Archives › city

Buy Vector Smooth Urban Girl Portrait

No credits required

One of the reasons that our vector illustrations are a refreshing alternative, is the fact that we merge several elements to come up with unique styles. We hit the streets with our sketchbooks. Drawing pretty girls, photographing buildings and even pulling typography from street signs.

smooth-urban-girl-vector-portrait-no-credits-required--search-buy-vector-art

Unique Vector Illustrations

We love finding those ingredients. But by converting them into mathematical vectors, we pass on the flexibility to you. With just a few clicks you can adapt colours, move elements and place this young lady in the right context for your purposes. But the best part is, you save time. Time is money. And money (although not the most important thing in life) makes the world go round. We want to keep more of it in your pocket.

Take a look for yourself

Bookmark us a resource. You may not need us Today. But when you do need us. We will be here.

buy-vector-art-vectorvault

Your Vector Art Toolbox

VECTOR ILLUSTRATION – City Collage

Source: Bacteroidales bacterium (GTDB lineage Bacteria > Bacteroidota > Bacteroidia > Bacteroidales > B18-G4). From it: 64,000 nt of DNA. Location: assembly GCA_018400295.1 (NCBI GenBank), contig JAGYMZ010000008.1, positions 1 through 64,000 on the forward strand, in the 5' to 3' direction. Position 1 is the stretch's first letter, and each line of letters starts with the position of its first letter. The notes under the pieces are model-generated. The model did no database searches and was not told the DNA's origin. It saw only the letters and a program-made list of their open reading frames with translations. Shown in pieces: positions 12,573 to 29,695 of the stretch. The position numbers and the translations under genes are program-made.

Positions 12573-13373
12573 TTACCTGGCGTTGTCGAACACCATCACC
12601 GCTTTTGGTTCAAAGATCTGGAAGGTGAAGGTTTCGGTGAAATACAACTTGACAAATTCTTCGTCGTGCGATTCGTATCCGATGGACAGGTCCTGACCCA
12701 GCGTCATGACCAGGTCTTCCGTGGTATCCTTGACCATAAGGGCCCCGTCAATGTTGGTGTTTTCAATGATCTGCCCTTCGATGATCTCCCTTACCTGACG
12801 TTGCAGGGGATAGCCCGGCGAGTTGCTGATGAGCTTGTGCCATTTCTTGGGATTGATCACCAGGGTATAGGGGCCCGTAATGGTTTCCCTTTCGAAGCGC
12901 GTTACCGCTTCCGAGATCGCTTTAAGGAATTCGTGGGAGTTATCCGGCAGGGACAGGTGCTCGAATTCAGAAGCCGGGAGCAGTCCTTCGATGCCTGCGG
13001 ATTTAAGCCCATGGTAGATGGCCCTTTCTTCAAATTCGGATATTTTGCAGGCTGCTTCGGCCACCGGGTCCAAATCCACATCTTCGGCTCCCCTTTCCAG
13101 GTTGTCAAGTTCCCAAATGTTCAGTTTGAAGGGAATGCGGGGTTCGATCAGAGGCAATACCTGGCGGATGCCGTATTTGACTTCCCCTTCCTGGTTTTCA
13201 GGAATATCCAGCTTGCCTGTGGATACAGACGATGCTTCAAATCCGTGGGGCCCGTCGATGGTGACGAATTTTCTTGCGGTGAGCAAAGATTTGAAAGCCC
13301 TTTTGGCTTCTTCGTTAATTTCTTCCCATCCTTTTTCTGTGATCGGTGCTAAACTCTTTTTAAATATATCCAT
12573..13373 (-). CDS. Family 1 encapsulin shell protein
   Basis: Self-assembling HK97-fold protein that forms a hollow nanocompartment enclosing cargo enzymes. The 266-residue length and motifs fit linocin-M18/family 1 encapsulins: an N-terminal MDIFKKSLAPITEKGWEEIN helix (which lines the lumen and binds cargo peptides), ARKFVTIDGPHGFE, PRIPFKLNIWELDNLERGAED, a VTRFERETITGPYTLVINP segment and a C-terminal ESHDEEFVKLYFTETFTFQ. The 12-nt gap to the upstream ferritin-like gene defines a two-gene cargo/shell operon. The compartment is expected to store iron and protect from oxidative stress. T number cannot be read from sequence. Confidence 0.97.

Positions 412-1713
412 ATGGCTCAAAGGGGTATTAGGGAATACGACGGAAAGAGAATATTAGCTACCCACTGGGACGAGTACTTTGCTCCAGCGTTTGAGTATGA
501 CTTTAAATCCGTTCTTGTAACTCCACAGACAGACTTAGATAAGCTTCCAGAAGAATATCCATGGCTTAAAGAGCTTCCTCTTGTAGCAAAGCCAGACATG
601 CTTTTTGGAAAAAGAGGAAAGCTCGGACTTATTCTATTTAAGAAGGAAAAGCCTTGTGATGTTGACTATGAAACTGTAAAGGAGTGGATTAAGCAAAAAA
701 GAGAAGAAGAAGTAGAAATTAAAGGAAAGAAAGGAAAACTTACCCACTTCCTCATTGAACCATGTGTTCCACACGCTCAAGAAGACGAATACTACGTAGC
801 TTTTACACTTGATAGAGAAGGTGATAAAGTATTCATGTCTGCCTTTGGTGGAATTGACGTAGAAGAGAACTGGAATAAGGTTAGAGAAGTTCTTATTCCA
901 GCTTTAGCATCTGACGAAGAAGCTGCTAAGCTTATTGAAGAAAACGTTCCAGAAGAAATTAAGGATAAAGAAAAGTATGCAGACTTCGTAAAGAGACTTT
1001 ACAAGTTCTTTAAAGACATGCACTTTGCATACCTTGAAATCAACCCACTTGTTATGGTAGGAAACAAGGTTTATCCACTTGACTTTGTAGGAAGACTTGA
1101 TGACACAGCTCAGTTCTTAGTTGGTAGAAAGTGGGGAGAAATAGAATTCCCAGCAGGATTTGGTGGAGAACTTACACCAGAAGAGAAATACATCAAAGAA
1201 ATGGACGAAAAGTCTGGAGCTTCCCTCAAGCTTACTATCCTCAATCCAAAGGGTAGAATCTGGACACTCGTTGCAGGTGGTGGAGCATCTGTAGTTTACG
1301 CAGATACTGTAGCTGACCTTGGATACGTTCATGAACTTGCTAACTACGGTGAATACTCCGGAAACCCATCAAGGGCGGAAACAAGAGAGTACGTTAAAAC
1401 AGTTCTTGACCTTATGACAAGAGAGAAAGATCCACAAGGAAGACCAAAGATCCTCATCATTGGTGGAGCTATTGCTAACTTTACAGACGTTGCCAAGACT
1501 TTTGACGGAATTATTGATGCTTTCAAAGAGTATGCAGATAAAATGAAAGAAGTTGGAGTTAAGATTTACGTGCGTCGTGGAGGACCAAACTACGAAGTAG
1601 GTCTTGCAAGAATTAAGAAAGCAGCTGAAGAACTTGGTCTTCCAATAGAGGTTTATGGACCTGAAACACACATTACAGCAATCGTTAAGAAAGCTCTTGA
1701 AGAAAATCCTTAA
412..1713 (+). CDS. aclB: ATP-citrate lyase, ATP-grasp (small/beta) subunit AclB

It’s not easy to capture the spirit of a city like New York. It’s a monster, with an ocean of sights, sounds, shapes and yes – even smells.

This vector collage is an attempt to create a snapshot of the “big city” using some of the elements from the VECTORVAULT URBAN collection. It’s called City Collage. You can learn more about it here.

Homeless Signs In Toronto – Mark Daye

Toronto, Canada –

Mark Daye has created a socially intrusive project that has caused much of the public to stop and take notice of the world around them Specifically, the thousands of “invisible” people who call the streets their home. His weapon is typography and his medium is the forest of street signs that seem to melt into the texture of any major city. We were also forced to take a second look at ourselves and felt compelled to share this project with you.

“The goal was to affect an urban population on an intimate level using graphic design. Official Toronto city signs were deconstructed, then re-encoded with a subversive message that spoke about a less discussed and largely ignored urban population, the homeless. The intent was to catch people off-guard by making the invisible visible through a respected and authorized medium. Official signs carry with them an authoritative voice put in place to inform behaviour. The question was, what if the authoritative voice spoke of a humanitarian issue? On how many levels can these signs be read?”

Mark Daye

phont_vectorvault.gif

Learn more here. The main site has all of the project’s notations, additional pictures and press related to it. A great idea that we hope changes perceptions.